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Sunday, Feb. 04, 2001 at 11:48 AM
Published originally in the Orlando Weekly during the week of Christmas. Please distribute widely.
THE "GORE EXCEPTION":
A Layman's Guide to the United States Supreme Court Decision in Bush v. Gore
Q: I'm not a lawyer and I don't understand the recent Supreme Court decision in Bush v. Gore. Can you explain it to me?
A: Sure. I'm a lawyer. I read it. It says Bush wins, even if Gore got the most votes.
Q: But wait a second. The US Supreme Court has to give a reason, right?
Q: So Bush wins because hand-counts are illegal?
A: Oh no. Six of the nine justices believed that hand-counts were legal and should count. Indeed, all nine found "Florida's basic command for the count of legally cast votes is to consider 'the intent of the voter.'" "This is unobjectionable as an abstract proposition." In fact, "uniform rules to determine intent" are not only "practicable" but "necessary."
Q: So that's a complicated way of saying "divining the intent of the voter" is perfectly legal?
Q: Well, if hand counts are fine, why were they stopped? Have the re-counts already tabulated all the legal ballots?
A. No. The five conservative justices clearly held (and all nine justices agreed) "that punch card balloting machines can produce an unfortunate number of ballots which are not punched in a clean, complete way by the voter." So there are legal votes that should be counted but will never be.
Q: Does this have something to do with states' rights? Don't conservatives love that?
A: Yes. These five justices have held that the federal government has no business telling a sovereign state university it can't steal trade secrets just because such stealing is prohibited by law. Nor does the federal government have any business telling a state that it should bar guns in schools. Nor can the federal government use the equal protection clause to force states to take measures to stop violence against women.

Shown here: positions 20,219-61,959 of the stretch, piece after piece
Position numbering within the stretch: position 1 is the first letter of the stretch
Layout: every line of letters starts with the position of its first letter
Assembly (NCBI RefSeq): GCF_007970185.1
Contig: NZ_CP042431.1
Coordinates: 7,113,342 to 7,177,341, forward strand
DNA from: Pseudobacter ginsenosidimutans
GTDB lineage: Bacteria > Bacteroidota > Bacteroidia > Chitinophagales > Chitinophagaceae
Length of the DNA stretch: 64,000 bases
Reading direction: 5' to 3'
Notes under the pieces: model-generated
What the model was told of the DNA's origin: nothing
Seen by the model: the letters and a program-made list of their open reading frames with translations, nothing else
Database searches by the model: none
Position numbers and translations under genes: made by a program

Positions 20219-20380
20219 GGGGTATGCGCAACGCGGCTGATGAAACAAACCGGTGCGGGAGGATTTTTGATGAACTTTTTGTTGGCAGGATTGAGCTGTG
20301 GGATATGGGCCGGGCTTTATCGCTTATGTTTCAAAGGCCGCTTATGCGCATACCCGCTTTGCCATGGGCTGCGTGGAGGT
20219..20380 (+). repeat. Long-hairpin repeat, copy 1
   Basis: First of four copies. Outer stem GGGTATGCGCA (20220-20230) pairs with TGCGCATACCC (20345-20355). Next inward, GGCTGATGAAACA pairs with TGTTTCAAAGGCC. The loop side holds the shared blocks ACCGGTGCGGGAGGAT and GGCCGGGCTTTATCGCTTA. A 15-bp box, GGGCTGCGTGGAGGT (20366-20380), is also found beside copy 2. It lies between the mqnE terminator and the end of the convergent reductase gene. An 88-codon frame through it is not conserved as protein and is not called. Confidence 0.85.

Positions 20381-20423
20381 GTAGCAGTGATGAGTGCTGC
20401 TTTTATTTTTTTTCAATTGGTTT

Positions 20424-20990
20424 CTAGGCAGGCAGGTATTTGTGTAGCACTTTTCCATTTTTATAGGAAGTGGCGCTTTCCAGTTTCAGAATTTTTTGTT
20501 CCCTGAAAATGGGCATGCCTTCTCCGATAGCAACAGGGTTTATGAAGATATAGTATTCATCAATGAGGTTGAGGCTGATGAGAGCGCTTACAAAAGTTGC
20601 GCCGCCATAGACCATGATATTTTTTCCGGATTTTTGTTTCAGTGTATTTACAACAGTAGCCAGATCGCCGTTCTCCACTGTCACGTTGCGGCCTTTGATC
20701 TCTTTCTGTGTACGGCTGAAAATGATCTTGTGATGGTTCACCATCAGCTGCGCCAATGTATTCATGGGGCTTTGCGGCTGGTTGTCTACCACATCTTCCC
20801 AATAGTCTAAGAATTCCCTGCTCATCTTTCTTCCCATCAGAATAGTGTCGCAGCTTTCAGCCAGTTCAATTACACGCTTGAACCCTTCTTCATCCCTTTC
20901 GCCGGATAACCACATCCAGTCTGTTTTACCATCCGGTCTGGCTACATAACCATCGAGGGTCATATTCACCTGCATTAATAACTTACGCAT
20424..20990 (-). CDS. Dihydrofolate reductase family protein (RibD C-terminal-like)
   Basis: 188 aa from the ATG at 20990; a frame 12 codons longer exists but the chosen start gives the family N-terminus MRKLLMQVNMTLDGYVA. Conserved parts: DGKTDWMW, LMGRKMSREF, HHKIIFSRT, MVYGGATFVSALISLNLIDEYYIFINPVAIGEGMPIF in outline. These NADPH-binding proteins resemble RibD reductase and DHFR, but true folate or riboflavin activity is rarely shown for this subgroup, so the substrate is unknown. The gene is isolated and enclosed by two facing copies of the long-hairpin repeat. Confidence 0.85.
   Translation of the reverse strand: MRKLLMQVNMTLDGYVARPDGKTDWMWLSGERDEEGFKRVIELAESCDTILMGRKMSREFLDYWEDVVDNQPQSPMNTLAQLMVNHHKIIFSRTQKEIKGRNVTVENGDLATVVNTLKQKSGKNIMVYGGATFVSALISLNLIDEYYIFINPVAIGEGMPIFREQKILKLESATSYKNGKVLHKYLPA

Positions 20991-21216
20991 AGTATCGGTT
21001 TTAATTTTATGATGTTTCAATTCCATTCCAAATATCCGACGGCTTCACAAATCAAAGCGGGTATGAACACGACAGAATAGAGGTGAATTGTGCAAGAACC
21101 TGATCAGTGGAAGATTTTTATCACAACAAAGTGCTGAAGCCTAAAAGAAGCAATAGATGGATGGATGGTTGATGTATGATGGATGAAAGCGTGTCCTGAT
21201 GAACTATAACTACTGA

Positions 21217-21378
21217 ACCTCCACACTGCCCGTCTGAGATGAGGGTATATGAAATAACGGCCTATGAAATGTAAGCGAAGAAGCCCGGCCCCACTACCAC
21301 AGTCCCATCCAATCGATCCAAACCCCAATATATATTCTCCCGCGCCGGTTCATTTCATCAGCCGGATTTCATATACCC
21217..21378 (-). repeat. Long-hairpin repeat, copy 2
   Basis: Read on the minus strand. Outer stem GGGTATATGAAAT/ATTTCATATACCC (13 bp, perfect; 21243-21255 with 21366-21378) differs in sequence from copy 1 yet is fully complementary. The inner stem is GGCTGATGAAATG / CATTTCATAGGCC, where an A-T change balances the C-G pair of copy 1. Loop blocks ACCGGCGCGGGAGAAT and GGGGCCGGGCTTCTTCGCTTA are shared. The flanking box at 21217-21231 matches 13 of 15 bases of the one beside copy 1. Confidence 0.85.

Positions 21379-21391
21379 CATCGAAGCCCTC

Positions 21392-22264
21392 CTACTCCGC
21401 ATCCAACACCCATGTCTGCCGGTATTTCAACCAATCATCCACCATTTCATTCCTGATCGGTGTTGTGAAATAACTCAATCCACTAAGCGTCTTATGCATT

Q: Is there an exception in this case?
A: Yes, the "Gore exception." States have no rights to control their own state elections when it can result in Gore being elected President. This decision is limited to only this situation.
Q: C'mon. The Supremes didn't really say that. You're exaggerating.
A: Nope. They held "Our consideration is limited to the present circumstances, as the problem of equal protection in election processes generally presents many complexities."
Q: What complexities?
A: They didn't say.
Q: I'll bet I know the reason. I heard Jim Baker say this. The votes can't be counted because the Florida Supreme Court "changed the rules of the election after it was held." Right?
A. Wrong. The US Supreme Court made clear that the Florida Supreme Court did not change the rules of the election. But the US Supreme Court found this failure of the Florida Court to change the rules after the election was wrong.
A: The Legislature declared that the only legal standard for counting vote is "clear intent of the voter." The Florida Court was condemned for not adopting a clearer standard after the election.
Q: I thought the Florida Court was not allowed to change the Legislature's law after the election.
Q: So what's the problem?
A: They should have. The US Supreme Court said the Florida Supreme Court should have "adopt[ed] adequate statewide standards for determining what is a legal vote"
Q: I thought only the Legislature could "adopt" new law.
Q: So if the Florida Court had adopted new standards, I thought it would have been overturned.
A: Right. You're catching on.